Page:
For Web UI Users

Navigate to Content > Products and click New Product. A form for a new Product appears. Enter the following details:

  • Name - The plain text name for the product. Enter OSTree Content.
  • Label - An internal ID for the product. Red Hat Satellite 6 automatically completes this field based on what you have entered for Name.
  • GPG Key - The GPG Key for the entire product. Leave this blank.
  • Sync Plan - A synchronization plan for the product. We can attach this to our Example Plan.
  • Description - A plain text description of the product. Enter OSTree Content.

Click Save.

After creating the custom product for Fedora, the product’s repositories screen appears. Click Create Repository, which displays a form for a new repository. Enter the following details:

  • Name - A plain text name for the repository. Enter Custom OSTree.
  • Label - An internal ID for the repository. Red Hat Satellite 6 automatically completes this field based on what you have entered for Name.
  • Type - The type of repository. Select ostree. A new field appears for the URL.
  • URL - The URL of the registry to use as a source. For example http://www.example.com/rpm-ostree/.

Click Save. We return to the product’s repository screen with our new repository listed. Select it and click Sync Now to start the synchronization process. After the a few minutes, the Satellite Server completes the synchronization.

Note

You can also view the progress of the synchronization in the Web UI. Navigate to Content > Sync Status and expanding the Product/Repository tree (or click Expand All).

For CLI Users

Create the custom OSTree Content product:

# hammer product create \
--name "OSTree Content" \
--sync-plan "Example Plan" \
--description "OSTree Content" \
--organization "ACME"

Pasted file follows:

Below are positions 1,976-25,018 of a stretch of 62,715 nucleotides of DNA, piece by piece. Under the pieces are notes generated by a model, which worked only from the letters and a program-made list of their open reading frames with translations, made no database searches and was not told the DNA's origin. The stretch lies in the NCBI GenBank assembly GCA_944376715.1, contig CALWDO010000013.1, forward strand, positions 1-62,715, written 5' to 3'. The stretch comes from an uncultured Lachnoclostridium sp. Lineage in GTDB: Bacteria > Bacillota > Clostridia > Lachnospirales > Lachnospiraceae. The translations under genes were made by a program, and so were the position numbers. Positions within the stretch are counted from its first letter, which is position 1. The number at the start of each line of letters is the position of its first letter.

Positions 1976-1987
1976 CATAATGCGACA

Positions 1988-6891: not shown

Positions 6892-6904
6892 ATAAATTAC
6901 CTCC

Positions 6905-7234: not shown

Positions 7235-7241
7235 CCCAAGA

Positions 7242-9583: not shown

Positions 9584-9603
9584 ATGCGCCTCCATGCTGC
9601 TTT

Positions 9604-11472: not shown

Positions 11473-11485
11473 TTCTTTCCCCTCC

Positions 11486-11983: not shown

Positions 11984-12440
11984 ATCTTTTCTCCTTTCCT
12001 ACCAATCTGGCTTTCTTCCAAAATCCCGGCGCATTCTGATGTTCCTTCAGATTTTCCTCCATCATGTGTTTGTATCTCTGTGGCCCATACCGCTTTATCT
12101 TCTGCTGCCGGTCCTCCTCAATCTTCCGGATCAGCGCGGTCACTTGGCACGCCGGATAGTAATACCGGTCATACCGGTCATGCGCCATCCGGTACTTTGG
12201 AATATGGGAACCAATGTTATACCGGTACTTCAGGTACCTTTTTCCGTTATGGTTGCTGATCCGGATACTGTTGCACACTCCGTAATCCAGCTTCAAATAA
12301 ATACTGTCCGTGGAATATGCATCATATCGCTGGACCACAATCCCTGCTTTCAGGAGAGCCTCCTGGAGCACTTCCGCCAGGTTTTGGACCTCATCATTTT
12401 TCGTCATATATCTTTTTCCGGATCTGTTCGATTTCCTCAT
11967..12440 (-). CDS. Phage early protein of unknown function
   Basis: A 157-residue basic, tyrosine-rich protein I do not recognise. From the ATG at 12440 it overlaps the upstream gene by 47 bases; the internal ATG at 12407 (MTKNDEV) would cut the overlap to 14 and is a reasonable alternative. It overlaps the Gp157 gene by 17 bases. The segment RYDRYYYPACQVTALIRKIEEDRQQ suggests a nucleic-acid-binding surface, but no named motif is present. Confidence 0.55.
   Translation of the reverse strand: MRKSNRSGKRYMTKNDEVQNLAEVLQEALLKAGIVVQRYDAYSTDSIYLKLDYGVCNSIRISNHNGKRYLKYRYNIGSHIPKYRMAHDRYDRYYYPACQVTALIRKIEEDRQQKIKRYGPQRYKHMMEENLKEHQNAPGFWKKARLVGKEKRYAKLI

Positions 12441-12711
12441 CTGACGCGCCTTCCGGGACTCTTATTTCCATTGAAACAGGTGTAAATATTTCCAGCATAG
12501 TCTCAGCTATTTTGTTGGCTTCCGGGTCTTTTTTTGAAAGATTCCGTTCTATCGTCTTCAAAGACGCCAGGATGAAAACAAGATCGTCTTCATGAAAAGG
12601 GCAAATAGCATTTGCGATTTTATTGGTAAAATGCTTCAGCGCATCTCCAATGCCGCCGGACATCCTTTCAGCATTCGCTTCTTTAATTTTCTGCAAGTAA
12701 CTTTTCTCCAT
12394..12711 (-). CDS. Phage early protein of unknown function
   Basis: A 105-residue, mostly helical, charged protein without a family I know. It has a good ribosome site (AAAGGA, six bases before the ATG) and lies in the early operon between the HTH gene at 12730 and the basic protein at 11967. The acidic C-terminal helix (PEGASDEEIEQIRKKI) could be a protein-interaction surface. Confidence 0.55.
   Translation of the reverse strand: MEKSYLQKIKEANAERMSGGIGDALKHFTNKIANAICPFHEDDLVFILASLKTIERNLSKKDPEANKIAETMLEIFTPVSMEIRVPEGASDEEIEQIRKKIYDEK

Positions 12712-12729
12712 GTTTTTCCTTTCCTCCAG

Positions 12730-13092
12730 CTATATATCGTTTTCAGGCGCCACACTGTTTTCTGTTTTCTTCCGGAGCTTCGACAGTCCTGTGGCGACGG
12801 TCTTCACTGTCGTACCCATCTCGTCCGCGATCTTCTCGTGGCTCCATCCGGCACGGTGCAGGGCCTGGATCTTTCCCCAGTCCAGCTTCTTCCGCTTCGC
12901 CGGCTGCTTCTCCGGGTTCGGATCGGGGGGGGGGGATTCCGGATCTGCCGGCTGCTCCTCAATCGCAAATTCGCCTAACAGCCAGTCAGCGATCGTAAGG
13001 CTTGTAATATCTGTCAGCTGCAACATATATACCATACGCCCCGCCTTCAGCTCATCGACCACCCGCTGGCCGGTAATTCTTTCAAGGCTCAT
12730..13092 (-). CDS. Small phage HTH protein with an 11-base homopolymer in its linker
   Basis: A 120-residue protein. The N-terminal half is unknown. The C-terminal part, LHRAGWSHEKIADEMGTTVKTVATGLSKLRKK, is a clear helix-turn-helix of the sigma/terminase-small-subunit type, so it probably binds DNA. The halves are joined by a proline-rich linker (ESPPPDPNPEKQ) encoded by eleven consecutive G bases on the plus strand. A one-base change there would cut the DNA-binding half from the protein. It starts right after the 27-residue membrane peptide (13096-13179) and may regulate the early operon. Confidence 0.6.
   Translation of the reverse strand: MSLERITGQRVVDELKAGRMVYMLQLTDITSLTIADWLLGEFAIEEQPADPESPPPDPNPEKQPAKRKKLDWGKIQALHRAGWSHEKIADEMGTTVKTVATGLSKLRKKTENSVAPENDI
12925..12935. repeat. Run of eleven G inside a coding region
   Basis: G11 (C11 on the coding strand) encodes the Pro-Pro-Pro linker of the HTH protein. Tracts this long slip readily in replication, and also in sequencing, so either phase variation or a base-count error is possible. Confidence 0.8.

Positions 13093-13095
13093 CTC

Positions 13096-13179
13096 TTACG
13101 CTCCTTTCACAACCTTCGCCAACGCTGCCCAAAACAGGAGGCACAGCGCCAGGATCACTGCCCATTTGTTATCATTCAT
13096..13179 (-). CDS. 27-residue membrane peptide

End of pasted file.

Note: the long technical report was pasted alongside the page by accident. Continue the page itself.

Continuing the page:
Create the repository for the OSTree:

# hammer repository create \
--name "Custom OSTree" \
--content-type "ostree" \
--url "http://www.example.com/rpm-ostree/" \
--product "OSTree Content" \
--organization "ACME"

Then synchronize the repository:

# hammer repository synchronize \
--name "Custom OStree" \
--product "OSTree Content" \
--organization "ACME"

Now we have a synchronized set of OSTree branches.

11.4. Managing OSTree Content with Content Views

Use content views to manage OSTree branches across the application life cycle. This process uses the same publication and promotion method that RPMs and Puppet modules use.

For Web UI Users

Navigate to Content > Content Views and click Create New View. This displays a form for View Details. Enter the following information:

  • Name - The plain text name for the view. Enter OSTree.
  • Label - An internal ID for the view. Red Hat Satellite 6 automatically completes this field based on what you have entered for Name.
  • Description - A plain text description of the view. Enter OSTree branches for Red Hat Enterprise Atomic Host.
  • Composite View? - Defines whether to use a Composite Content View. Leave this option deselected.

Click Save to complete.

This creates a new content view entry. Navigate to the OSTree Content subtab, then click Add. Select the OSTree repository for our Red Hat Enterprise Linux Atomic Host Trees. Click Add Repository. This adds the OSTree content from this repository to the content view.

Our content view is ready to publish. Navigate to Versions and click Publish New Version. The Satellite Server provides some details about the new version (Version 1) and allows you to enter a Description for the version, which is useful to logging changes for new content versions. Enter Initial content view for our OSTree and click Save.

The Satellite Server creates the new version of the view and publishes it to the Library environment.

You can also click Promote to promote this content view across environments in the application life cycle.

For CLI Users

Obtain a list of repository IDs:

# hammer repository list --organization "ACME"

For our example, the OSTree repository uses 5 for its IDs. Create the content view and add the repository:

# hammer content-view create \
--name "OSTree" \